The Namesake by Jhumpa Lahiri

This article contains spoilers!

This week I read Jhumpa Lahiri's "The Namesake".

My favourite sections, I think, were the scenes of Ashima and Ashoke (Gogol's parents) at the beginning of the book. They are plucked from their familiar homes in East India and pulled to a foreign country where they are required to make a life for themselves. They succeed at this, for the most part, and over the course of the book the place they call home shifts from Calcutta to Cambridge, Mass. USA, with the result being that it almost always resides in the no-man's land between the two places. The early scenes of Ashoke and Ashima gave me some insight into what it might have been like for my own parents to build their new lives in the UK.

It is also interesting to watch the difference between the lives the parents live, and the lives their children live. The parents are still mostly connected to their homeland - they miss their families and they miss the familiarities of India. They take every opportunity they can to connect with the local Bangladeshi community, and they look forward to their trips back home. Whereas for the children (Gogol in particular), trips back to Calcutta feel like a chore, and the Bengali ritual of hosting guests every weekend feels like an alienating force.

I liked the explanation of the difference between a "good name" and a "nickname". When I was in India, people would occasionally ask me what my good name was, and I remember feeling amused at the turn of phrase - does anyone have a bad name? Having read this book, I have a richer understanding of this difference. In some South Asian cultures, children are born and remain unnamed sometimes for a long time, and are called only by their nicknames.

My primary disappointment with the book was that things didn't ignite more often. For example, when Gogol brings home a white girlfriend his family is mostly polite and subdued - holding close any misgivings they might have. However, within the communities I have known, I think there would be a lot more drama in such a situation and I'm sad that the underlying misalignments were not explored more thoroughly in this book. More broadly speaking, Gogol's parents seem like very upstanding, well-adjusted people who exhibit a lot of common sense and are generally happy to step aside in cases where they might otherwise choose confrontation. As a consequence of all this, I think we don't see as much of the clash of cultures that I was looking forward to reading about - it feels too smooth somehow. For example, quite soon after arriving in America they have a large group of friends and they are able to build a surrogate community for themselves, so we don't see so much of the loneliness and challenge of that first upheaval. They just kind of deal with it sensibly.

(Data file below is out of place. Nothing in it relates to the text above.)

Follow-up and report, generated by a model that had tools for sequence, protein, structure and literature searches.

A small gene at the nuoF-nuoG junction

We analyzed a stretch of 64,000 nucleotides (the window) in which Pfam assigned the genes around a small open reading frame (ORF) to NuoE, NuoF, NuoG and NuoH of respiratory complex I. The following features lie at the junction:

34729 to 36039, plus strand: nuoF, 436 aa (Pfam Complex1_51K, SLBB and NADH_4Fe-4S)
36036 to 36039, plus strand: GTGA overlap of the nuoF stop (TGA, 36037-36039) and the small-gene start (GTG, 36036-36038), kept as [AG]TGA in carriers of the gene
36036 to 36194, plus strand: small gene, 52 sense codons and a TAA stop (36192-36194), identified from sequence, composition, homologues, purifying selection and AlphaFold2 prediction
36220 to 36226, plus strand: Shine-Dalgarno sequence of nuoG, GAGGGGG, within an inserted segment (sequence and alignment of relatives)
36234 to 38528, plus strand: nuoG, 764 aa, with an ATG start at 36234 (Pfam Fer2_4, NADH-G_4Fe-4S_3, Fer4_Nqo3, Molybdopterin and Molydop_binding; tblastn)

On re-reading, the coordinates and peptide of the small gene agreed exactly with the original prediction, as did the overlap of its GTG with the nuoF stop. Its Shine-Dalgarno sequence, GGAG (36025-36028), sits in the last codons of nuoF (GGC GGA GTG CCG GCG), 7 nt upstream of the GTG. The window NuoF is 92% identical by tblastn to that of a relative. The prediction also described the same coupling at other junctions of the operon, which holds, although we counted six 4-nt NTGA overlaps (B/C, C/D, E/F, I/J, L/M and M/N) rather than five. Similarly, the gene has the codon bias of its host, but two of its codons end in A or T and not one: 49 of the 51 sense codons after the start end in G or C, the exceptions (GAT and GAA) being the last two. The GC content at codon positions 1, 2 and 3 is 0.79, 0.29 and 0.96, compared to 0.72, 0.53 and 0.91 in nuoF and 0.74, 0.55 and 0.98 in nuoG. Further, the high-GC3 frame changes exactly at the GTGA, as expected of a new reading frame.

In a similar vein, the author skips over much of Gogol's university years except for one short-lived relationship. For me, university was the time where I discovered the stark contrasts between the world my parents saw, and the world as it appeared to everyone else, and I would have loved to have heard more about this transition for Gogol.

I enjoyed the descriptions of Gogol's relationship with Maxine. As someone who grew up in a South Asian household, I empathised with the sense of seduction that arises when watching how "white people" live their lives. There is a certain sense of freedom / whimsy present in these families which seems absent in immigrant families, and I think that carefreeness was captured incredibly well by Lahiri. In the end though, Maxine discovers that she is less useful than she might be when Gogol is going through a particularly tough time, and there was one quote in particular ("You guys can't stay with your mother forever"), where she reveals herself to be more self-interested than she should have been in this situation, and they soon break up. I thought that this was a great place to explore the culture of individualism in the USA versus the collective family-centric culture of India, but we didn't quite get that in this book.

We also tend to focus more on his relationships than we do on his work life. This is helpful because it gives us insight at the points of contact he has with the Western world, but it also reads a little like he is just hopping from one relationship to the next - we don't really get to dwell in the spaces between them. His relationship with Mouse seemed at first to be making a statement about how there is comfort in familiarity - both of them had come full-circle and were doing the thing they had never imagined themselves to be doing by dating each other. However, the end of the relationship painted a much more sinister picture. The fact that Mouse got bored of Gogol was a damning critique that familiarity alone is not enough to build the kind of deep-rooted love that makes a marriage last.

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